Use these four questions as a guide to help you choose the best investment strategy for your financial plan.

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Cash Reserve

*The annual percentage yield (“APY”) on the deposit balances in Cash Reserve (“Cash Reserve”) is and represents the weighted average of the APY on deposit balances at the banks participating in Cash Reserve (the “Program Banks”) and is current as of . This APY is variable and subject to change daily. See Current APY. Deposit balances are not allocated equally among the participating Program Banks. A minimum deposit of $10 is required, but there is no minimum balance required to be maintained. The APY available to a customer may be lower if that customer designates a bank or banks as ineligible to receive deposits. APY applies only to Cash Reserve and does not apply to checking accounts held through Checking. Cash Reserve and Checking are separate offerings and are not linked accounts.

See Betterment’s Form ADV Part II and Terms and Conditions for additional information, including details of the deposit allocation methodology.

†Betterment Cash Reserve (“Cash Reserve”) is offered by Betterment LLC. Clients of Betterment LLC participate in Cash Reserve through their brokerage account held at Betterment Securities. Neither Betterment LLC nor any of its affiliates is a bank. Through Cash Reserve, clients’ funds are deposited into one or more banks (“Program Banks“) where the funds earn a variable interest rate and are eligible for FDIC insurance. Cash Reserve provides Betterment clients with the opportunity to earn interest on cash intended to purchase securities through Betterment LLC and Betterment Securities. Cash Reserve should not be viewed as a long-term investment option.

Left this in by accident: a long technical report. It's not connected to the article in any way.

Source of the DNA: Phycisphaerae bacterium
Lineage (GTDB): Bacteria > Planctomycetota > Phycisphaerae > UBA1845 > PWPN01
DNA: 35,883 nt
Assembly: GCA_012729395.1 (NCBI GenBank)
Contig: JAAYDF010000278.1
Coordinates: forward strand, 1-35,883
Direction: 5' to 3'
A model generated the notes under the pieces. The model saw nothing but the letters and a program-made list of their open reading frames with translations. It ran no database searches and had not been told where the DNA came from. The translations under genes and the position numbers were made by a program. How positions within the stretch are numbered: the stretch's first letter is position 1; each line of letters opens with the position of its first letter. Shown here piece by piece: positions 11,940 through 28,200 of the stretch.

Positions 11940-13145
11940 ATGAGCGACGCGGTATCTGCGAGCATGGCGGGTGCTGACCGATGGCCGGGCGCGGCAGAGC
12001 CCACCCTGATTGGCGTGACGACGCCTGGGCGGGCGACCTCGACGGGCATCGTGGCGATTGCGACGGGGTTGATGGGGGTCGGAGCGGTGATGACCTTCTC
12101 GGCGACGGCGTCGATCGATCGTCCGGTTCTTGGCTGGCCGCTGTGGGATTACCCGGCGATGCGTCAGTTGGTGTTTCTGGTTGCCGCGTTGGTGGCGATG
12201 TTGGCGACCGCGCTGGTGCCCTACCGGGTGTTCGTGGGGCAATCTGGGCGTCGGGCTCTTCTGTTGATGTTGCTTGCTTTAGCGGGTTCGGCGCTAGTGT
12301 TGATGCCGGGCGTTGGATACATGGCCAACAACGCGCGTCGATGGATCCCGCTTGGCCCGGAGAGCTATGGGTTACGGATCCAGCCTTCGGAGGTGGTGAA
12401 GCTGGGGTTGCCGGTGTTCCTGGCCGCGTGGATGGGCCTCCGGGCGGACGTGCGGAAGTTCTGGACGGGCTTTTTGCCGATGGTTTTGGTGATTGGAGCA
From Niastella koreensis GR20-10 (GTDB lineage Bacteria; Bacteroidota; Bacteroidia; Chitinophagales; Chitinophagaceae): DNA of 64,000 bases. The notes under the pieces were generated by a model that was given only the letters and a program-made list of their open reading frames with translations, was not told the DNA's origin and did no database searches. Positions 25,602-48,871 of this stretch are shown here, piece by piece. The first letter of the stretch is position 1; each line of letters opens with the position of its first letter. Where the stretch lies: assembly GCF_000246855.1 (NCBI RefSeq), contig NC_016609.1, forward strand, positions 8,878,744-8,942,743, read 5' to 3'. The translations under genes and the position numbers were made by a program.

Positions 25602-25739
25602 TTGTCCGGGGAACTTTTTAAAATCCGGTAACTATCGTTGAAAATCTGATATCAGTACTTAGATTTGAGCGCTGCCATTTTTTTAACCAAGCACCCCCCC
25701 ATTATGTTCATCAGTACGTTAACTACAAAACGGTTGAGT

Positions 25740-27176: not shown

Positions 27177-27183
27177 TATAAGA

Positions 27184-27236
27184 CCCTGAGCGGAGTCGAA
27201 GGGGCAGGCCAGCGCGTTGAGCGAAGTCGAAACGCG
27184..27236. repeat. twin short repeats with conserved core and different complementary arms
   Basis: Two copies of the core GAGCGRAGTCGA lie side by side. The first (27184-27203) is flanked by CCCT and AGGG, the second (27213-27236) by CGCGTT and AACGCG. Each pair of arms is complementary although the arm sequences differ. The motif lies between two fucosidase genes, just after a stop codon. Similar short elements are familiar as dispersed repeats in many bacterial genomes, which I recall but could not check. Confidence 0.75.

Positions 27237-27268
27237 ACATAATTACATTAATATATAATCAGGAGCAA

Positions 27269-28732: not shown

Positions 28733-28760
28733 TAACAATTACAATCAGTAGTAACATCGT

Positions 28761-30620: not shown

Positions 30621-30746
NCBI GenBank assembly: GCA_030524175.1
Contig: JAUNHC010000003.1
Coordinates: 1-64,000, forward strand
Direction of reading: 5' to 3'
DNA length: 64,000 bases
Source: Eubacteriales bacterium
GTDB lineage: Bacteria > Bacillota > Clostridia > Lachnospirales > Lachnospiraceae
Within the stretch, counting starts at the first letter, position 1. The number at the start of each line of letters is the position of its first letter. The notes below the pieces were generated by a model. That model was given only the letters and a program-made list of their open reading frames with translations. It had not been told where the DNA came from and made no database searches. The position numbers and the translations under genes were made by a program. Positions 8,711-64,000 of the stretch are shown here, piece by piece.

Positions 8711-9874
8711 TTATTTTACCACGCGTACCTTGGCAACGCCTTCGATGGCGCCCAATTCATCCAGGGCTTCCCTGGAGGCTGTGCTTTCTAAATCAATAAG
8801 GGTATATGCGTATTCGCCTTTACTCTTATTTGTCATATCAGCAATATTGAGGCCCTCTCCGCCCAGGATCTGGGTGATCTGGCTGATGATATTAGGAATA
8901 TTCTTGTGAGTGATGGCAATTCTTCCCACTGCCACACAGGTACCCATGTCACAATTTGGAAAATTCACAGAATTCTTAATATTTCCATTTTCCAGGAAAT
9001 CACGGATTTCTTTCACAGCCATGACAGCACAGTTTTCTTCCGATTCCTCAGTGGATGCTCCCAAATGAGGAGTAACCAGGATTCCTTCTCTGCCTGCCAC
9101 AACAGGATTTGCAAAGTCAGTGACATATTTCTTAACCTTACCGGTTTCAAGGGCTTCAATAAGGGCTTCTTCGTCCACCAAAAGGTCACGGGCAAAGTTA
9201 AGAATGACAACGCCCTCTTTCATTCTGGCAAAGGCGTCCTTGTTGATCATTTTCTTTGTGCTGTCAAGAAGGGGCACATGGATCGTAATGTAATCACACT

Funds held in your brokerage accounts are not FDIC‐insured but are protected by SIPC. Funds in transit to or from Program Banks are generally not FDIC‐insured but are protected by SIPC, except when those funds are held in a sweep account following a deposit or prior to a withdrawal, at which time funds are eligible for FDIC insurance but are not protected by SIPC. See Betterment Client Agreements for further details. Funds deposited into Cash Reserve are eligible for up to $1,000,000.00 (or $2,000,000.00 for joint accounts) of FDIC insurance once the funds reach one or more Program Banks (up to $250,000 for each insurable capacity—e.g., individual or joint—at up to four Program Banks). Even if there are more than four Program Banks, clients will not necessarily have deposits allocated in a manner that will provide FDIC insurance above $1,000,000.00 (or $2,000,000.00 for joint accounts). The FDIC calculates the insurance limits based on all accounts held in the same insurable capacity at a bank, not just cash in Cash Reserve. If clients elect to exclude one or more Program Banks from receiving deposits the amount of FDIC insurance available through Cash Reserve may be lower. Clients are responsible for monitoring their total assets at each Program Bank, including existing deposits held at Program Banks outside of Cash Reserve, to ensure FDIC insurance limits are not exceeded, which could result in some funds being uninsured. For more information on FDIC insurance please visit www.FDIC.gov. Deposits held in Program Banks are not protected by SIPC. For more information see the full terms and conditions and Betterment LLC’s Form ADV Part II.